Saturday, February 13, 2010

6L4 - Warriors of the Deep 4

Let it be said that Margaret Thatcher was responsible for killing off Doctor Who. Thatcher's decision to call a snap election in June 1983 forced John Nathan-Turner to make a decision: scrap the production of Warriors of the Deep in order to make way for the BBC election coverage that would take up much of the production resources at the BBC studios, or move the recording dates up by two weeks and finish production before the election. Nathan-Turner, not at all keen to lose his intended big splash of an opener to Season 21, chose the latter option.

As a result of this decision, none of those involved in the production were given as much time as they needed to prepare before the story went into the studios. It shows. The actors inside the Sea Devil costumes stumble about, heads askew because the costume department hadn't had time to fit them properly. When you see the Myrka flop around and wave his flippers without actually moving anywhere, you're not just watching two actors perform in a costume akin to a pantomime horse, you're watching two actors in the midst of rehearsal on how to move in a giant green pantomime horse. Speaking of rehearsal, there is a scene where Janet Fielding as Tegan and Tara Ward as Preston think they are in a rehearsal, when in fact the cameras were rolling to record a final version of the scene. Warriors of the Deep was intended to duplicate the success of Earthshock by bringing back an old enemy in a bold, daring action romp, but completely fails in the attempt.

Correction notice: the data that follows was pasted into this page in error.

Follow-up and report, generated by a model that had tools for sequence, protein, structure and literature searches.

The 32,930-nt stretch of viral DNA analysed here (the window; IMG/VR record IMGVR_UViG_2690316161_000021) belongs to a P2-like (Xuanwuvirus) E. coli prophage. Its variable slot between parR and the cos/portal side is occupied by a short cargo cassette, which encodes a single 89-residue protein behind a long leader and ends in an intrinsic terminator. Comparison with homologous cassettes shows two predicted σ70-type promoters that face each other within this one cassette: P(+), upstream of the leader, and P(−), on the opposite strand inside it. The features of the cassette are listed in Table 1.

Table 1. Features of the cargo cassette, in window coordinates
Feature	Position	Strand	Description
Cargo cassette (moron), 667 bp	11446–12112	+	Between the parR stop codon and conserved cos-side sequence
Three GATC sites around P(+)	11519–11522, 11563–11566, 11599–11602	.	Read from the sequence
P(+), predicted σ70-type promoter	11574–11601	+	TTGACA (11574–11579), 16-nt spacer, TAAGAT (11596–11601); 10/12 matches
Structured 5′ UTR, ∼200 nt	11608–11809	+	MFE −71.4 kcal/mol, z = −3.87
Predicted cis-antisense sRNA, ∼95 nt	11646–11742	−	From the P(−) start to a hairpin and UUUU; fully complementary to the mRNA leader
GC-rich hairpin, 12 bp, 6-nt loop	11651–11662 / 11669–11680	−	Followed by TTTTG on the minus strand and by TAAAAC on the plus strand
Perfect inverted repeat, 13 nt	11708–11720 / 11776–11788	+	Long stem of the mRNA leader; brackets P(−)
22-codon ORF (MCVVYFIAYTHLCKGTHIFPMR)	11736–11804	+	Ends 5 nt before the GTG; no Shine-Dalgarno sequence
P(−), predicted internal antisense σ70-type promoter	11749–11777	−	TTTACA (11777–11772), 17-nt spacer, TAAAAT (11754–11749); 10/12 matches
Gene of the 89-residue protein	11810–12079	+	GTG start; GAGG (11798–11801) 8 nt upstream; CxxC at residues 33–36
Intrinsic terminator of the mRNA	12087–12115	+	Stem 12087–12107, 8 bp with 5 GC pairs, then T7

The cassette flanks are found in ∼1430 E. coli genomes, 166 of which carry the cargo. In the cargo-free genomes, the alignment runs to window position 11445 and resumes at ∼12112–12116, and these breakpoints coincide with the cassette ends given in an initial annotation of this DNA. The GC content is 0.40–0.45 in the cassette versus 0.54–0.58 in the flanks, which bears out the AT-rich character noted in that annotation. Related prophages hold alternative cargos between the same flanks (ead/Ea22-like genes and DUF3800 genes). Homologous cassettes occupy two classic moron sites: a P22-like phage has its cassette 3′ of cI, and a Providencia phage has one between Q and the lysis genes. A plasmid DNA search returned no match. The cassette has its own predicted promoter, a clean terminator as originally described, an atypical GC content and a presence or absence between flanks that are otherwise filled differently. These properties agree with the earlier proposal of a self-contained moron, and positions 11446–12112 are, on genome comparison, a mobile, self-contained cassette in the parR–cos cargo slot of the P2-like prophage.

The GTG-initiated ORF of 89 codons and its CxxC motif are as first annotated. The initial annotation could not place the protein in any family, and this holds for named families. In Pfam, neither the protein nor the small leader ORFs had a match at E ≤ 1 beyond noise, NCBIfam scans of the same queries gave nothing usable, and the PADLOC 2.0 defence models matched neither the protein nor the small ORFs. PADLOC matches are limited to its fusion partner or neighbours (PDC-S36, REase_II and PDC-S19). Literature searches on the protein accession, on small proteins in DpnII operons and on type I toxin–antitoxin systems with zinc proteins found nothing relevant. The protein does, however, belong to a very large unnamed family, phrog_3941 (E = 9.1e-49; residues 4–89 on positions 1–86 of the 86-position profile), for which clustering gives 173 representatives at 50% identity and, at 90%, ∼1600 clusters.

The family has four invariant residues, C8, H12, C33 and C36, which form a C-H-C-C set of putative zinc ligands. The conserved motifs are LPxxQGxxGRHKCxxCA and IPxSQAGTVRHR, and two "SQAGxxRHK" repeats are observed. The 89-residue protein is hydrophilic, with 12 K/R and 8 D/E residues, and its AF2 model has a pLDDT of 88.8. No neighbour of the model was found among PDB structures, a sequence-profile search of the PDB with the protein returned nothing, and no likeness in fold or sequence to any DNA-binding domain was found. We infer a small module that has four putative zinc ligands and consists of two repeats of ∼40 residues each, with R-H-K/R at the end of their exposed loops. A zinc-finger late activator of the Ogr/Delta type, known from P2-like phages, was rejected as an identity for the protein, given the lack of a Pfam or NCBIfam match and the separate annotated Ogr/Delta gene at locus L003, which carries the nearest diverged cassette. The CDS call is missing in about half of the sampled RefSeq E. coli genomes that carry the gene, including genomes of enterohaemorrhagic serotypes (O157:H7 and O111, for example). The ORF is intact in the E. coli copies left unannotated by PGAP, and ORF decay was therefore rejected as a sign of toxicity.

As with any faulty production, blame must be laid at the feet of the director, as he is ultimately in charge of the entire debacle. Despite all the problems that were supposedly out of his control, Pennant Roberts must take this one on the chin. In the past, other stories that fought the odds to get made pulled through relatively well, particularly The Invasion of Time. Warriors of the Deep is an example of a story where almost everything went wrong. A better directorial effort might have at least salvaged something from this mess.

The only decent aspect of this story is The Doctor's struggle to try and negotiate a peaceful settlement between the Silurians/Sea Devils and the humans, just as he tried in the past, but this time with spectacularly bad results. Everybody dies in this story except for Bulic. The story's most poignant moments occur at the very end, and almost make you forget all the troubles that preceded them, as The Doctor, bruised and battered, stands amidst a sea of dead humans, Silurians, and Sea Devils, having fought so hard to achieve a peace, yet succeeded only in stopping the fighting. All he can say is echoed by everyone who was watching:

"There should have been another way."


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